It seems increasingly unlikely the Toronto Raptors will keep both Gary Trent Jr. and Bruce Brown past the NBA trade deadline. With Brown's team option for next season and reported high asking price, Trent seemed like the likelier of the duo to be flipped elsewhere.
That doesn't mean a deal is signed, sealed, and delivered. Trent's camp was reportedly trying to hammer out a contract extension in the offseason, and trading a 24-year-old with tremendous shooting skill seems counterintuitive against Toronto's goal of building an exciting young team.
The fact that Trent started over Brown despite the fact Toronto only has a few more days to display Brown to potential suitors shows that they value what he brings to the lineup. His 3-point shooting is in short supply on this team, and he could be retained for a reasonable price in the offseason.
If the Raptors end up trading Brown for draft compensation and a young player of some notoriety, the best move in the short-term might be giving Trent the contract he has been seeking. If things go belly-up next season, Toronto can look to move him and get more back for a young player with multiple years left on his contract.
Could the Toronto Raptors keep Gary Trent Jr. for 2024?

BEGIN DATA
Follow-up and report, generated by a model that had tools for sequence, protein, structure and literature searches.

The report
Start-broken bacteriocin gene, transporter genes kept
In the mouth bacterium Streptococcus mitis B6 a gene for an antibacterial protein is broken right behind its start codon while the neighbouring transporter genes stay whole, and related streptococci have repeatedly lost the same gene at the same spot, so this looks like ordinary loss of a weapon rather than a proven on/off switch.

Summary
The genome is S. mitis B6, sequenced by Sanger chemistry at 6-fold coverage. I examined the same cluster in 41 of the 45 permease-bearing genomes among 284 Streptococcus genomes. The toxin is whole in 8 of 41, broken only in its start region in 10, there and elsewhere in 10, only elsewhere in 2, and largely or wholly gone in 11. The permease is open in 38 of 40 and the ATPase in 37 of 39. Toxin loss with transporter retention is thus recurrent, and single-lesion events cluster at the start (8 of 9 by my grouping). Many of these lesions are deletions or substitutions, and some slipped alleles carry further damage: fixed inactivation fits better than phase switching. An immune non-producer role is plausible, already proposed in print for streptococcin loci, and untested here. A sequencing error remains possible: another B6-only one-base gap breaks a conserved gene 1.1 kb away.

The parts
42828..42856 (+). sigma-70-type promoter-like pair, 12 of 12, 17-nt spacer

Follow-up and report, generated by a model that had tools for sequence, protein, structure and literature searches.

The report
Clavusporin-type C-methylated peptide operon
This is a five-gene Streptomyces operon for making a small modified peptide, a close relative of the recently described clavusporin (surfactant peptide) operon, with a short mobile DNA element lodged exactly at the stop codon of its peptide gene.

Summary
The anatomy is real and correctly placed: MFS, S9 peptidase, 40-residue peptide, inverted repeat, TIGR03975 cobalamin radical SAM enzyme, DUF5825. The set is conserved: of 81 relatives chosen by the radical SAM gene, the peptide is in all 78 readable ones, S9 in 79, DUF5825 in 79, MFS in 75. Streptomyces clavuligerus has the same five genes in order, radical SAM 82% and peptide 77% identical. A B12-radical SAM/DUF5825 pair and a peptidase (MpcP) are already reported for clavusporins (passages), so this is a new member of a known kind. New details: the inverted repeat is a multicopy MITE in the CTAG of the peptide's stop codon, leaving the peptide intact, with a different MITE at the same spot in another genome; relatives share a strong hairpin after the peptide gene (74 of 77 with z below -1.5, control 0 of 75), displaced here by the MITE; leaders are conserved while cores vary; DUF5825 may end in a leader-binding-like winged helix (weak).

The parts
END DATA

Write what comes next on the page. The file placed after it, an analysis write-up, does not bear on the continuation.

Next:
The 12.1 points per game average is a bad look for a guy who averaged 17.9 points per game in the last two seasons. However, his 42.4% success rate from 3-point range has been so impressive that it's hard to regard him as anything less than an elite shooter.
Trent ranks third in the NBA in 3-point percentage among players with at least 5.8 attempts per game from deep. Since the beginning of the new year, only Phoenix's Grayson Allen (who is leading the NBA in 3-point percentage overall) has a better clip from downtown. Why would the Raptors part with this?
With Gradey Dick showing little that would cement him as a rotation lock next season and the team's guard depth generally underwhelming right now, Trent gives the Raptors a much better offensive option than Brown at what could be a cheaper price. This will let Toronto focus on defense and potential in their offseason moves rather than finding a Trent replacement.
Trent's bet on himself by picking up his team option may not have been the most prudent move, but he has started to get abck on track lately. If he keeps this up, it's tough to envision a world where the Raptors kick him to the curb.